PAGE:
Gordon Fee is always interesting, especially when he's cranky and dogmatic. That holds true in this commentary. Fee takes aim at end times weather forecasters whenever he can, and in his footnotes, he'll accuse other scholars of taking of positions without any evidence. So the guy is fun to read.
Fee steadfastly maintains that Paul wrote both 1 and 2 Thessalonians, in that order. He sagely notes that Paul introduces the theme of hard work and labor and perseverance early on in 1 Thessalonians 1:4-6 because these are themes that will be amplified later on in this epistle, and as it turns out, in 2 Thessalonians as well. Fee for some reason thinks that the emphasis in 1 Thessalonians 1:10 is on the wrath that will come upon the idolaters, when to me, the emphasis is ont eh coming of Christ to rescue those who have turned from idols.
In 1 Thessalonians 2, Fee strongly and (to me, successfully), defends the translation "infants" rather than "gentle" in 1 Thessalonians 2:7, and he wards off those who accuse Paul of anti-Jewishness in 2:14-16.
In 1 Thessalonians 3:11-12, he sees Paul rewriting the Shema of Deuteronomy 6:4, though this to me is uncertain. He also contends that the holy ones of 3:13 refer to angels, noting that it reflects the language of Zechariah 14:5 and is made clear by his identification of the accompanying angels in 2 Thessalonians 1:7-9.
In 1 Thessalonians 4:4: Fee translates skeuos as "vessel," meaning the male sex organs. Although Fee argues strenuously and is joined by I.H Marshall, this will not command assent amongst all interpreters.
1 Thessalonians 4:13-18 is hotly debated, and Fee clearly notes that this text is more about comforting believers with the news that we will be reunited with our deceased loved ones with Christ than he is in telling us where exactly this will be. Fee surprisingly says nothing about Paul's use of apantesis in verse 17, and he writes off the pretribulational perspective with a passing sentence and no dialogue with those who hold to this position. For this alone, Fee gets docked a star in my review. I did like his discussion of the holy kiss in 5:26.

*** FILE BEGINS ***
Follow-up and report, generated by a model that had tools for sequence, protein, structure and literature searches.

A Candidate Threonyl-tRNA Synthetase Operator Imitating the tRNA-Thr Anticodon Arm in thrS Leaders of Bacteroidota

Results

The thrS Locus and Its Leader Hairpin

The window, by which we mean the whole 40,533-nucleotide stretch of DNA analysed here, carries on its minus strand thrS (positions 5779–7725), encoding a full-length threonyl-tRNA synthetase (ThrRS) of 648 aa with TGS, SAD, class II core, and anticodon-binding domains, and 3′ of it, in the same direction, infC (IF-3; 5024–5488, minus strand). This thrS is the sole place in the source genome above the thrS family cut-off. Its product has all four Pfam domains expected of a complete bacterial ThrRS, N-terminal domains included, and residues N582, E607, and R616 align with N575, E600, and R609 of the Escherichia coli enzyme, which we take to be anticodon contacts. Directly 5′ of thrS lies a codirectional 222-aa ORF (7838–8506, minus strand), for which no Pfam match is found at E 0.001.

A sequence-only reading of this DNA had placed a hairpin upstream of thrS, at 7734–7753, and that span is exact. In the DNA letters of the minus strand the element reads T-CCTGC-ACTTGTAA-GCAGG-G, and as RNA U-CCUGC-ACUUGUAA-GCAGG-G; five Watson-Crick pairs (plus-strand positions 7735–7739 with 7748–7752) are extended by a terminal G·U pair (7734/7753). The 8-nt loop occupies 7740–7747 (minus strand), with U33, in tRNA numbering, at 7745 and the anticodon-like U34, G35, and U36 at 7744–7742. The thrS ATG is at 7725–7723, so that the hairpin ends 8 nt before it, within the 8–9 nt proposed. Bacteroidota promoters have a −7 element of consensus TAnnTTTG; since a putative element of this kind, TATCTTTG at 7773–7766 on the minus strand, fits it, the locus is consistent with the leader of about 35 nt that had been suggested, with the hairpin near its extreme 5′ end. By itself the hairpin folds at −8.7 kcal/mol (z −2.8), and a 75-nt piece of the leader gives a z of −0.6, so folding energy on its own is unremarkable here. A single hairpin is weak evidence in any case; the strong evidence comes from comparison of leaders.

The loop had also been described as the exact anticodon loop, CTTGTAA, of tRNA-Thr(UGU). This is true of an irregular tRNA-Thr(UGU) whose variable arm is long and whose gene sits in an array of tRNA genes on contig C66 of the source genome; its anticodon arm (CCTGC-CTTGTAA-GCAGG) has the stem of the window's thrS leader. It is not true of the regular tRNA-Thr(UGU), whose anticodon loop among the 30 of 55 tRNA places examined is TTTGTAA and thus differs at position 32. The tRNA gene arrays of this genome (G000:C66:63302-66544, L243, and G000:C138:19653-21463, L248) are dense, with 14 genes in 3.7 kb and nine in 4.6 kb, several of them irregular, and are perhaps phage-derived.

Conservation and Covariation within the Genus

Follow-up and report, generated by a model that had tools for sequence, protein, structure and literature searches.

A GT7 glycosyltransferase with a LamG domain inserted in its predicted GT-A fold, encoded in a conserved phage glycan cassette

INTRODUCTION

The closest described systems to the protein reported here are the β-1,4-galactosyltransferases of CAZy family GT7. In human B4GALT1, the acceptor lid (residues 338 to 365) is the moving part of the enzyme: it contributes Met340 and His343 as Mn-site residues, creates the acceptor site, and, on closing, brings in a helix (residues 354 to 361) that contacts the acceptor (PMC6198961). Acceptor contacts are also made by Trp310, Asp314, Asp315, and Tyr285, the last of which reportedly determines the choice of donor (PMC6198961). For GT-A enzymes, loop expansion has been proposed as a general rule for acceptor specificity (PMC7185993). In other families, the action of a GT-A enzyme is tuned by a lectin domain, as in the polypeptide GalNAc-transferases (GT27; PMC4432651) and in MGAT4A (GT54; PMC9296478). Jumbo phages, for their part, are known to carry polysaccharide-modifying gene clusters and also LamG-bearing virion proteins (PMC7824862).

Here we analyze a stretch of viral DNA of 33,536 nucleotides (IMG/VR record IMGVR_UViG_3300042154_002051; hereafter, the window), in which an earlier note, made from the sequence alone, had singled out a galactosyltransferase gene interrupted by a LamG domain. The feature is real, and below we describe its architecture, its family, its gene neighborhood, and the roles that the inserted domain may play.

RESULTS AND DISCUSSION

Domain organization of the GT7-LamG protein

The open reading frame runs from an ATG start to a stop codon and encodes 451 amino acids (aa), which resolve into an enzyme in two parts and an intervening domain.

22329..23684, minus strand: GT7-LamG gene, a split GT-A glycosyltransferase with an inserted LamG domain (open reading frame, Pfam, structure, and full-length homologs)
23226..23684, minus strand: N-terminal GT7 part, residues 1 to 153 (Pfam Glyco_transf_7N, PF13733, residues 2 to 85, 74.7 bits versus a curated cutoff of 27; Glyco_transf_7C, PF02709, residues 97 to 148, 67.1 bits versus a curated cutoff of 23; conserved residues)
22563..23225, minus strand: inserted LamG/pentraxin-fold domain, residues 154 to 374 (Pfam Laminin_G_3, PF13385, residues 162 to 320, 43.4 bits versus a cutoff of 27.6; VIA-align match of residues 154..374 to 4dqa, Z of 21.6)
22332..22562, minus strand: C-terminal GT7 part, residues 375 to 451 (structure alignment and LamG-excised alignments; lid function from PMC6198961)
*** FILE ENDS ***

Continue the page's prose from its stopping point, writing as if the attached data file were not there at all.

In 2 Thessalonians 2, Fee is helpful, but I also wish he would have put forth more of an effort discussing the katechon in 2 Thessalonians 2:7. Furthermore, there is no discussion about the linking of the day of the Lord with the coming of Christ and our being gathered to him. Fee never says whether or not these are all part of one and the same event, nor does he try to distinguish the Day of the Lord as an event in its own right. He never discusses how the day of the Lord could come like a thief in the night in 1 Thessalonians 5 and yet be heralded by signs in advance in 2 Thessalonians 2, nor does he discuss how this might cause people to question the Pauline authorship of 2 Thessalonians. He simply dismisses those who question Pauline authorship with the wave of a hand.
Don't get me wrong: I affirm the Pauline authorship of both epistles. I'm just saying that I expected a more thorough commentary from Fee on this and other issues, especially since this is a series which allows for more expansive commentaries, and Fee himself is the general editor! Perhaps a hint for the short shrift is given in the introductions to these two epistles where Fee makes clear that these two epistles in his opinion are not Paul's finest moments.
Unfortunately, this commentary is not one of Gordon Fee's finest moments, either. Leon Morris' commentary on these epistles has been replaced by this one, but after reading this, I personally prefer Morris. I love Fee on 1 Corinthians and Philippians, but in this volume, although he remains zesty and provocative, he has not given us his best work.